A video of Brighton’s season

The Brighton & Hove Albion journey began 115 years ago on 24 June 1901 and has culminated in promotion, on the 17 April 2017, to the top flight of English football, the Premier League. The beginning was here at the Seven Stars Hotel on Ship Street when the club was formed at a meeting…

Much as been written about the history of the football club here, here and here…so I won’t reinvent the wheel.

However, I will add to this story that there seems to be a family connection to Ship Street? I vaguely remember someone telling me that, (on my Mother’s side being the Boniface‘s) a Frank Boniface used to own Ship Street, lost it in a poker game and went to Australia. I will have to go back in my notes and check what I have, and of course investigate further. Family stories do tend to get embellished of course but somewhere in amongst it all lies the truth.

As with a lot of others around the world I followed the terrible news of the attack in Westminster. I was shocked to learn that the attacker stayed in Brighton the night before and even more shocked as to the location of the hotel. I lived on Havelock Road and went to Balfour Road School in the 1950’s not far from there.

Flux Capacitor

Flux Capacitor

I came across something really interesting and cool today. Having been invited to join fellow steampunk enthusiasts in a Facebook group, Southern society of steampunk steamologists I got a post of an event they were holding. It included something called teapot racing? Teapot racing? Wot the heck is that? Well, it is exactly that, teapot racing. Like I need another project.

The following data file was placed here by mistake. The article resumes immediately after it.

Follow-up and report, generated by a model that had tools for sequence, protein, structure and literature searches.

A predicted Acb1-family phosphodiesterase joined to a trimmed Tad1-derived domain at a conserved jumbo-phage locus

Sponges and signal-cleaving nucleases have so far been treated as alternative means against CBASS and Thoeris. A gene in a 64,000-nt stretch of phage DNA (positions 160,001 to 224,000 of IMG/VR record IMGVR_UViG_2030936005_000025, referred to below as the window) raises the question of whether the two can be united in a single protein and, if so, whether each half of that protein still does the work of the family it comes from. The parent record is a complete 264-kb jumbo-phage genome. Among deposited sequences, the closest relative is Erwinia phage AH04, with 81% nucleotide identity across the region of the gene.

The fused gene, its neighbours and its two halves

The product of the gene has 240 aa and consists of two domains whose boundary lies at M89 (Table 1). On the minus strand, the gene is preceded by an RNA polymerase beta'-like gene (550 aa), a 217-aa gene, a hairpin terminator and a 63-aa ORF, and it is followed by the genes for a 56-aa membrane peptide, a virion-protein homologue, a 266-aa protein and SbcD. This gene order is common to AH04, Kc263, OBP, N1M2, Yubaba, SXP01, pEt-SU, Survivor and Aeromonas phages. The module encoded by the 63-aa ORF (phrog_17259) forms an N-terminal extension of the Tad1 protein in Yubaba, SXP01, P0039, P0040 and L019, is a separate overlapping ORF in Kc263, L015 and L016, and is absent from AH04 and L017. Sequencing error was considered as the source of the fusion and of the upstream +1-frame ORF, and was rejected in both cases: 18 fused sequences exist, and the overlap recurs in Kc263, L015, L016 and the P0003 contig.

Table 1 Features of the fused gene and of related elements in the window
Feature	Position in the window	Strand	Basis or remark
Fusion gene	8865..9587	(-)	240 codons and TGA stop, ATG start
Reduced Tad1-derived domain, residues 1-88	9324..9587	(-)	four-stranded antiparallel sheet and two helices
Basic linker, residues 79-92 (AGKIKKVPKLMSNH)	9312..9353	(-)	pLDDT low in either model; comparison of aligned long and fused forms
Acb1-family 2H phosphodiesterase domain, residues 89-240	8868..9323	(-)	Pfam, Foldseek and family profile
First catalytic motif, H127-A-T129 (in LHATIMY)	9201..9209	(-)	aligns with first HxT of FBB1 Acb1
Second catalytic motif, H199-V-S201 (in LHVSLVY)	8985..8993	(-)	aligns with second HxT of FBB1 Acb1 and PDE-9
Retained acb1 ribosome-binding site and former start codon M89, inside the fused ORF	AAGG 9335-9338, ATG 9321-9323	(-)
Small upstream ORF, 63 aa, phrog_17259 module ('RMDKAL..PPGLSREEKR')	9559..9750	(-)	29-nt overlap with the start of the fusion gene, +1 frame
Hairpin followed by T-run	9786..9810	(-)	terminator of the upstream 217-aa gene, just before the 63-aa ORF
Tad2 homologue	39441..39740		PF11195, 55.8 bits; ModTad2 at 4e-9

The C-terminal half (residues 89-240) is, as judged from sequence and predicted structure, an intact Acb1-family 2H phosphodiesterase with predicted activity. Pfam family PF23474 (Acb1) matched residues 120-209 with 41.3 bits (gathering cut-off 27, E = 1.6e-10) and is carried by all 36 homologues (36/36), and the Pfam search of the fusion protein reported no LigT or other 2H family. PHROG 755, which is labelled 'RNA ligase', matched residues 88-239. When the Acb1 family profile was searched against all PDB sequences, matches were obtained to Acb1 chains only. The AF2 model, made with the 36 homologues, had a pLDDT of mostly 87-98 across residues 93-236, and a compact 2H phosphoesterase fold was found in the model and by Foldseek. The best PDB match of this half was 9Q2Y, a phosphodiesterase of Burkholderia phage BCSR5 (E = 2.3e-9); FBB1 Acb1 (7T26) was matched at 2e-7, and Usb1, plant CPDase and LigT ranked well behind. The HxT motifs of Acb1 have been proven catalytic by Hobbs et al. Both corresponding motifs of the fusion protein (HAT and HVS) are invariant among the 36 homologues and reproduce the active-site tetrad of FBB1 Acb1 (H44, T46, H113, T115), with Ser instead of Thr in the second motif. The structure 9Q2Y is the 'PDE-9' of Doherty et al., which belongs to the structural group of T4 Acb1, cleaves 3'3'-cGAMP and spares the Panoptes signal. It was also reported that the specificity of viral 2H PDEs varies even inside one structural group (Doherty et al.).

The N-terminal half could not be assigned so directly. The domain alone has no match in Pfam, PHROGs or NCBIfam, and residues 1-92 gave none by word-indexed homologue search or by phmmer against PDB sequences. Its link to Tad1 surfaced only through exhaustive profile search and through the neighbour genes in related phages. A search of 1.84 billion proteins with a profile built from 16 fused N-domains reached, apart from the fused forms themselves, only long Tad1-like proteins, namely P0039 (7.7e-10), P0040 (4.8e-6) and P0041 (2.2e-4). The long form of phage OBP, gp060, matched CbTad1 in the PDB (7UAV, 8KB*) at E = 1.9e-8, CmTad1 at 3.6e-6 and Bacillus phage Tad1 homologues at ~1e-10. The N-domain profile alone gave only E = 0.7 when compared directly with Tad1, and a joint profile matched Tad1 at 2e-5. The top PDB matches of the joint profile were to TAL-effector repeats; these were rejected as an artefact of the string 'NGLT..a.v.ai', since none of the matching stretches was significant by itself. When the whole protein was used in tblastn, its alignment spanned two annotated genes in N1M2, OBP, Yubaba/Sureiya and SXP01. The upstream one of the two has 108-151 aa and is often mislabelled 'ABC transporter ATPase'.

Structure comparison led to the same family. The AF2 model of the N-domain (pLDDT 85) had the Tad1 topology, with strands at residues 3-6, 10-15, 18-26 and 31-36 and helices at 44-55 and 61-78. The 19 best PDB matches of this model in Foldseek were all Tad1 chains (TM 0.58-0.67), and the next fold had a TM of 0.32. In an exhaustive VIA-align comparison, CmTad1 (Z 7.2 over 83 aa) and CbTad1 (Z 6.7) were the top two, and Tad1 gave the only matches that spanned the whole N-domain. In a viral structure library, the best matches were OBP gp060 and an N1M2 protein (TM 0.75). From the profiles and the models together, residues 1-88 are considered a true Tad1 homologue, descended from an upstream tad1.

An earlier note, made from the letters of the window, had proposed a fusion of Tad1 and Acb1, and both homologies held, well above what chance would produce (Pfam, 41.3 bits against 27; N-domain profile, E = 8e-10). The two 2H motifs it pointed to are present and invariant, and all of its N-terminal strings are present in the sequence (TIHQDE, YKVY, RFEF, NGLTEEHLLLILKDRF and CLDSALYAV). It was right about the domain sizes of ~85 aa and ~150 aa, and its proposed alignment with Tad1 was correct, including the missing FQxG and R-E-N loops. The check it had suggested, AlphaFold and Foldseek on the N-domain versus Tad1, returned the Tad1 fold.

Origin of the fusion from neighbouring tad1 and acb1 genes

Wishful Thinking

The Chess Problem

At first I thought it was a hoax at first but some after some cursory investigation it may not be. The email address that one is supposed to write to with a solution was only registered last year and at first I couldn’t find any Penrose Institute but I did find it eventually and it may all be legit because that site was only started last year too.

Where I saw the original story, then another more in depth story I found here…So, to the problem itself but I must admit I’m still a little suspicious.

Initial observations are thus. Black has no moves it can make other than the bishops and all three are on black squares so the white king is relatively safe on white squares. There seems to be some clues provided, the hand drawn chess board has an x diagonally beside the furthest white pawn. Significant? Perhaps. It also says below it that it’s easy for humans and that it is a ‘legal’ position. Amusing to say the least, here is some chatter on the forums at chess.com

I belong to a group on Facebook called Westward Ho! History Group and post there today reminded me of an event back in the late sixties that would be amusing to relate.

Back then I used to augment my teenage earnings with doing a 2-3 hour paper route on Sundays. I used to do a paper route six days a week already for the Northam Newspaper Agent before school and Saturdays too. Somehow I ended up doing the Sunday one too for this guy on a scooter and sidecar. Anyway, the post in the group was of a guy at a garage on Nelson Road and I thought I recognized him.